Apple’s iCloud

by Taylor G

Image of Apple's iCloud Logo. Retrieved October 17, 2011, from:


Recently Apple released their new iPhone.  With their new phone, they released their new iOS which powers the iPhone.  iOS 5 includes one of Apple’s newest products, ‘iCloud’.  What iCloud does is it syncs data between any Apple product and any PC.  For example, say you’re typing up notes in class on your iPad or iPhone, you switch devices and pick up exactly where you left off.  iCloud will also remember your settings, applications, the layouts of your apps, and text messages.  So far iCloud will work with apple’s productivity software, iWork, it will backup the photos on your camera roll.  Eventually it will back up third-party applications like Angry Birds gameplay data.  Of course this feature isn’t completely free, Apple will give you the first 5GB for free, then charge you $20/year for 10GB, $40/year for 20GB, and $100/year for 50GB, but iTunes music, apps, books, and Photo Stream don’t count against your 5GB.  Apple claims that 5GB of storage should be enough for the average user, but that depends on what and how much you are storing.  People who own multiple iOS devices will get the most out of this service as it will backup all of their data, and those who only have one apple product will appreciate this service someday when they purchase new hardware.


People are always saying that Apple is always the innovator of new things.  But if you look at this new service, ‘iCloud’ it sounds a lot like the service Google offers with their Android platform.  Android phones automatically update their settings, photos (if you choose), etc.  Also, with the new iOS software, their notification bar is almost an exact copy of Android’s existing notification bar.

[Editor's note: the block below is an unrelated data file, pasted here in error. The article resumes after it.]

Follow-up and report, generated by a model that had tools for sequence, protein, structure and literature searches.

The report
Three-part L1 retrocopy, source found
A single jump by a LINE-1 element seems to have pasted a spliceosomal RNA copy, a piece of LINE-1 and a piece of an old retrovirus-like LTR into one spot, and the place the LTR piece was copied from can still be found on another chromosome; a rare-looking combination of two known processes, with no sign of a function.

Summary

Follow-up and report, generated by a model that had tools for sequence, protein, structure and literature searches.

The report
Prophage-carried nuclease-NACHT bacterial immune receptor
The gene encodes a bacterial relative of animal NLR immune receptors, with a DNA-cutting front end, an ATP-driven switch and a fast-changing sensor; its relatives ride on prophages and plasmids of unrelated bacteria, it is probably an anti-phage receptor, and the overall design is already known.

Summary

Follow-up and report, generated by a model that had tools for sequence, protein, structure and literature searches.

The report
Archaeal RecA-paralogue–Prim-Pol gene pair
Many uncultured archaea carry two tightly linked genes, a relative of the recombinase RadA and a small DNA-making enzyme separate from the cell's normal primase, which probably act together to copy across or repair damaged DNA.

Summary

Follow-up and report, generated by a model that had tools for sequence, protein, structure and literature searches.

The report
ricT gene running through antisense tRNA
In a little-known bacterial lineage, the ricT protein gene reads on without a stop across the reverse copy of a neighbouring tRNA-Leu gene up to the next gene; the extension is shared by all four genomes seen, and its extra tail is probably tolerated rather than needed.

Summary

Anyways, if you are going to relate this to databases, the iCloud service is built directly on databases.  Storing settings, information, music, photos.  All related to a specific user and their many devices.  I think its a great service, and someday we are going to see computers and mobile devices relying more heavily on remote servers and databases.

Newman, J. (2011, August 02). Apple icloud: what it is, and what it costs [Web log message]. Retrieved from

4 thoughts on “Apple’s iCloud”

  1. This service had been implemented by few years ago. You can get up to 8GB free by using email account, so you do not have to by expensive Apple’s products to have 5GB ICloud. Moreover, when you use ICloud, you are reporting to Apple whenever and wherever you go. You do not have your privacy anymore.

    1. There are many clear differences between iCloud and Dropbox. Many of them include, the settings of your particular iOS device, your music, documents can be picked up where left off, and a lot more that are discussed in this blog. Please read, many distinct differences.

  2. The idea of cloud computing is basically old. It consists of existing technologies grouped together to service customers over the internet. Although, Apple will probably do to cloud computing what it did to the smart phone and tablets, namely improve on the usability of the the technology.

  3. Of course cloud computing is old. Dropbox has been doing it for years. You could even say email services like google allowing 1 GB of storage back in 2004 was cloud computing. The point is as competition arises, cloud computing will begin to get perfected, and with this slow perfection, new ideas and new software will arise and everything will once again change and advance for the better. That’s how technology, and business in general, works.

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